DALLAS -- Texas officials on Friday blocked a proposed $400 million cash-flow borrowing, opting for interfund transfers that state Treasurer Kay Bailey Hutchison says will cost taxpayers $6 million more than using tax-exempt commercial paper.

At a brief meeting of the state's Cash Management Note Committee, the panel deadlocked 2 to 2 over Hutchison's plan to issue up to $400 million in commercial paper next month for cash flow needs in the second half of the year.

Because a tie vote kills the measure, it was apparently the first time the committee had ever rejected a borrowing proposal.

Hutchison and Gov. Ann Richards voted for the borrowing, but Lieut. Gov. Bob Bullock and state Comptroller John Sharp rejected the idea, saying they preferred interfund borrowing. The vote pitted the current and former treasurer against the current and former comptroller.

Hutchison said she believes the officials confused the short-term program with long-term municipal debt sales the state is undertaking to build prisons and other projects.

"I'm very concerned that we'd miss an opportunity to save the taxpayers $6 million," she said.

She noted that commercial paper would cost the state 2.6%, while interfund borrowing will be nearly twice that. Under state law, interfund loans must be repaid at the rate the money would earn through investments. Texas is currently earning an annualized average of 5.02% on its cash.

Tom Plaut, the comptroller's chief revenue estimator, said the proposed borrowing was rejected because officials did not believe it met a statutory requirement of being necessary.

"We don't need the extra $400 million," Plaut said. "The $1.5 billion we have outstanding may be more than enough."

As for the projected $6 million savings, Plaut agreed the commercial paper was more economical, but added, "That's peanuts in a budget of our size. If we borrow another $400 million, the average guy out there is going to think things are getting worse, and they aren't."

The decision to block the commercial paper sale does not mean the state is in danger of a cash-flow crisis. Hutchison said that with $1 billion in available funds to draw on, the state will have no difficulty paying its bills on time.

The $400 million was to have been the second installment of a cash management program begun last August when the committee approved a $1.5 billion tax and revenue anticipation note sale -- the largest ever for Texas.

At that time, treasury officials estimated the state would have a record $2.4 billion cash flow deficit in fiscal 1993, which ends Aug. 30. That figure was recently revised downward to $2.1 billion.

Hutchison said the hole in the flow of revenues to the state was caused by a one-time shift in collections of the state franchise tax. The change shifted the most severe cash shortages from January to May. The cash-flow deficit is not related to the state budget, which is projected to end the biennium with a slight surplus.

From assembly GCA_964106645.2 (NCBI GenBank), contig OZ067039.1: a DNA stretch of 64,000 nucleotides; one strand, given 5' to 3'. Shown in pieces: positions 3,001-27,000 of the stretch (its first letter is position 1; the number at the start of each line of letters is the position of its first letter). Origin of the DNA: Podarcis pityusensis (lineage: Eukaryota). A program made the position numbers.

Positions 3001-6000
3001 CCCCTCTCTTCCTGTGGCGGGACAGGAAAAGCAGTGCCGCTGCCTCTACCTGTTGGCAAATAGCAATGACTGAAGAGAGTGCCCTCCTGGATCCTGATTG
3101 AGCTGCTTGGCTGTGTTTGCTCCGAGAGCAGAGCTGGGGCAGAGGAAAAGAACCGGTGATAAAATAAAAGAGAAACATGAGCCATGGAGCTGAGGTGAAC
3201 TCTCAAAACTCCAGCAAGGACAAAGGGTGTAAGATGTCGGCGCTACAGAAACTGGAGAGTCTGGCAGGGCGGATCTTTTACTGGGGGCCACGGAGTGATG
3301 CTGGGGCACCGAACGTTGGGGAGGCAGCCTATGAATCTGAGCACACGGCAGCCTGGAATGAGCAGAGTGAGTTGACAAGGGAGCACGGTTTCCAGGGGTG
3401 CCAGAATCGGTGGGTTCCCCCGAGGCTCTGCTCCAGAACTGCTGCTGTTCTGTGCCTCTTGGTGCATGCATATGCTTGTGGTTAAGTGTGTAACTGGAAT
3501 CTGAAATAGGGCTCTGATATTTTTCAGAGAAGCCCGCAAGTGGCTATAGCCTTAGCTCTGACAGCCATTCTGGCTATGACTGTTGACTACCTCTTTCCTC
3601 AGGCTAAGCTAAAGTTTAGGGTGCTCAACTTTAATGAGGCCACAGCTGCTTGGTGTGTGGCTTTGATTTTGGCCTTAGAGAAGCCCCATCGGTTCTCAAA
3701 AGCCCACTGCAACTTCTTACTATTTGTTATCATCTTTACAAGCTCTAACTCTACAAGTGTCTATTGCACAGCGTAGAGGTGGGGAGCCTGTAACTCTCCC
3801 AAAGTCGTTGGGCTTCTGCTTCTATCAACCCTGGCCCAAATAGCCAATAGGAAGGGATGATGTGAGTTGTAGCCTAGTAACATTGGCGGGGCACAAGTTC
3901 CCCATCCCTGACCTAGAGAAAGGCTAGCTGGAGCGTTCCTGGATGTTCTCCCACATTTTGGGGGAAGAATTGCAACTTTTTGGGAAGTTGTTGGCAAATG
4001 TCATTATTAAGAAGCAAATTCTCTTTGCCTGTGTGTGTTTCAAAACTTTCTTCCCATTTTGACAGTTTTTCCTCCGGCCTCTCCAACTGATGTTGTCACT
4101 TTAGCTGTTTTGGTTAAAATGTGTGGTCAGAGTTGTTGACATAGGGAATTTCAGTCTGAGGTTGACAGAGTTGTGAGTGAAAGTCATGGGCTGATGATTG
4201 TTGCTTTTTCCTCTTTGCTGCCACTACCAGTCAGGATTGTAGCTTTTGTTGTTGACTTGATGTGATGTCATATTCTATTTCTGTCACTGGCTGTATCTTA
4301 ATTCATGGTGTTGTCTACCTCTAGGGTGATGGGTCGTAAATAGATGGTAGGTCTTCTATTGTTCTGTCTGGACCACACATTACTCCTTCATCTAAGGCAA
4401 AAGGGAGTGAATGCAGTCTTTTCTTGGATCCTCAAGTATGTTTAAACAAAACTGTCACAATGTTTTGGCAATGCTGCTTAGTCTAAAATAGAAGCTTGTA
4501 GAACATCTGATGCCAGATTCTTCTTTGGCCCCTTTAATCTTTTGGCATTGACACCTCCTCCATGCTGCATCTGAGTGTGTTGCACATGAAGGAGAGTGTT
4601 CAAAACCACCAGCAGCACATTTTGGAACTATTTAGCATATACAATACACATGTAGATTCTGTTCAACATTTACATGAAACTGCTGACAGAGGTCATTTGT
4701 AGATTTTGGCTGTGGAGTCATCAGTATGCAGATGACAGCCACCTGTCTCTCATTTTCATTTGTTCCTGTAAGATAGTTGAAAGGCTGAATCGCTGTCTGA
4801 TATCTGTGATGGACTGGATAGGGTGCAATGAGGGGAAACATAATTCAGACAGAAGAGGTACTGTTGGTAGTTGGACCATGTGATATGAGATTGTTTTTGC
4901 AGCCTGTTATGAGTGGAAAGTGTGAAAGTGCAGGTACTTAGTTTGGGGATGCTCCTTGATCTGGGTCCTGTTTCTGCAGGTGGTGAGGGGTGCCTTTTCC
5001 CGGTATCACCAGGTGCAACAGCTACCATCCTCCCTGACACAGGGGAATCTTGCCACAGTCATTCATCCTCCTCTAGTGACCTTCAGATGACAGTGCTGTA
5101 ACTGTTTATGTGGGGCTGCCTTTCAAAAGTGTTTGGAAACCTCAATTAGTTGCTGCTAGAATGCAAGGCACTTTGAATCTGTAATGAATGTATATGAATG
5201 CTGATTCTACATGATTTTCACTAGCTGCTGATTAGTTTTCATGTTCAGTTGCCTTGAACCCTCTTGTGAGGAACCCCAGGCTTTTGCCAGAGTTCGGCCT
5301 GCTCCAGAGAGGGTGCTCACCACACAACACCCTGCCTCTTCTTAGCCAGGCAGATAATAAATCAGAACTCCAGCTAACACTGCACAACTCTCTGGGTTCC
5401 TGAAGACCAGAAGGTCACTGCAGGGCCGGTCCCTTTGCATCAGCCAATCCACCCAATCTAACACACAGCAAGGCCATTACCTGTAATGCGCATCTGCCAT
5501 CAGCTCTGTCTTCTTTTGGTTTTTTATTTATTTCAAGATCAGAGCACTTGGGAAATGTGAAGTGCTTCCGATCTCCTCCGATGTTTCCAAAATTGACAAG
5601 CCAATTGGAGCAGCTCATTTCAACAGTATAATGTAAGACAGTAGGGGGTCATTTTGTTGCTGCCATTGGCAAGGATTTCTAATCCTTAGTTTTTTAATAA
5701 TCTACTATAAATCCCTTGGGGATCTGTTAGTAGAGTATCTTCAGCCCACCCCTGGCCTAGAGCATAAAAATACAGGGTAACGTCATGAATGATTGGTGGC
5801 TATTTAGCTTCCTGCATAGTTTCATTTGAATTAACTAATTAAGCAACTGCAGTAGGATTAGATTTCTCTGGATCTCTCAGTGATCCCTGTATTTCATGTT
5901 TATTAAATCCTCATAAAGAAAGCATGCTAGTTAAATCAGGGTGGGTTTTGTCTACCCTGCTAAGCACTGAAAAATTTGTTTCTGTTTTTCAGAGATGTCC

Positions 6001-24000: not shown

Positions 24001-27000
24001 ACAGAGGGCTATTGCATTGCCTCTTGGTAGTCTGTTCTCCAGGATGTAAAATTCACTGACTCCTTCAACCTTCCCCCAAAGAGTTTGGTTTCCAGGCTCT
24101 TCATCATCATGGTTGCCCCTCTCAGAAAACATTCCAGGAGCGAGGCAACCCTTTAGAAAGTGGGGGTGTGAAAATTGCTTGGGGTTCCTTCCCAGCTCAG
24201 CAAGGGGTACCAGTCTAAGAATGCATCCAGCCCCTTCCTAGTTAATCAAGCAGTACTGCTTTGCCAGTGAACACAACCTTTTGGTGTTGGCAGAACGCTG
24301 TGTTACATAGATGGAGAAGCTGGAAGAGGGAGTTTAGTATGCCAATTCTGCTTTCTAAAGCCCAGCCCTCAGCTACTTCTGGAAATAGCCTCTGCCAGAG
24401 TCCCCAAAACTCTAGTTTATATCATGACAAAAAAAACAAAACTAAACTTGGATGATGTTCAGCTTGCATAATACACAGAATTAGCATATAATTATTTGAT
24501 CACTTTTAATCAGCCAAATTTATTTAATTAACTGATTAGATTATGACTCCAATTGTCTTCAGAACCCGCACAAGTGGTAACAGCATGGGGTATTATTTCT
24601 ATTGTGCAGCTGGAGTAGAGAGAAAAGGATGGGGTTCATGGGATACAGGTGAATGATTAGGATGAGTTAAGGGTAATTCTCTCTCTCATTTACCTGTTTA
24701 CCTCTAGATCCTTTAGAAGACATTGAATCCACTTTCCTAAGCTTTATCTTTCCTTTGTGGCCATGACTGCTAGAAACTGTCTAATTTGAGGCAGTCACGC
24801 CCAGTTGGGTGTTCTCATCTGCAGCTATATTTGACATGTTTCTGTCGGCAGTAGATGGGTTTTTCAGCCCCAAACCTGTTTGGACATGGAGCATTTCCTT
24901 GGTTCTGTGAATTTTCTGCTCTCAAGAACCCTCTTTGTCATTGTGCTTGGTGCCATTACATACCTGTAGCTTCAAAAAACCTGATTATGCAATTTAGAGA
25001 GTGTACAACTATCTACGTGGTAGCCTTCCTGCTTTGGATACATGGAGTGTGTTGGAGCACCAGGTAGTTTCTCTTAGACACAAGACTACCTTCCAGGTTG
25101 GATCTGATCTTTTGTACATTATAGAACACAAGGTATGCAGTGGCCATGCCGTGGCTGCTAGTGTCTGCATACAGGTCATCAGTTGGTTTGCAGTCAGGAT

However, budget writers are already projecting a general fund gap of up to $7 billion in fiscal years 1994 and 1995 between spending and revenues. Officials, led by Sharp, have advocated extensive cost-saving measures by all state agencies.

A Wall Street analyst said the decision will not affect state ratings.

"It doesn't worry me," said Claire G. Cohen, executive vice president at Fitch Investors Service, which rates the state AA-plus. "It's probably just a little more costly this way, but I don't think for $6 million it's a credit concern."

George Leung, vice president and managing director for state ratings at Moody's Investors Service, said that 15 states and Puerto Rico borrow externally, while most do not use the tax-exempt markets.

"The management of cash during the year is something most states continue to wrestle with," he said.

Paul Williams, chief of staff to Richards, said the vote was decided on long-standing philosophical differences between state treasurers and comptrollers. Treasurers have generally preferred tax-exempt borrowing while comptrollers have opted for interfund borrowing.

He said that Bullock opposed the use of external borrowing in 1986 when the state, facing its most severe financial crisis, turned to the short-term tax-exempt markets for the first time.

"I think it boils down to a philosophical difference over how much of your own sources you should use and how much external resource you should use," said Williams, a deputy treasurer when Richards held the treasurer's office. "When this came up, it was deja vu."

Others agreed. "Mr. Bullock feels we should borrow from our own resources," said Wardaleen Belvin, special assistant to the lieuteneant governor. "This has been his position all along."

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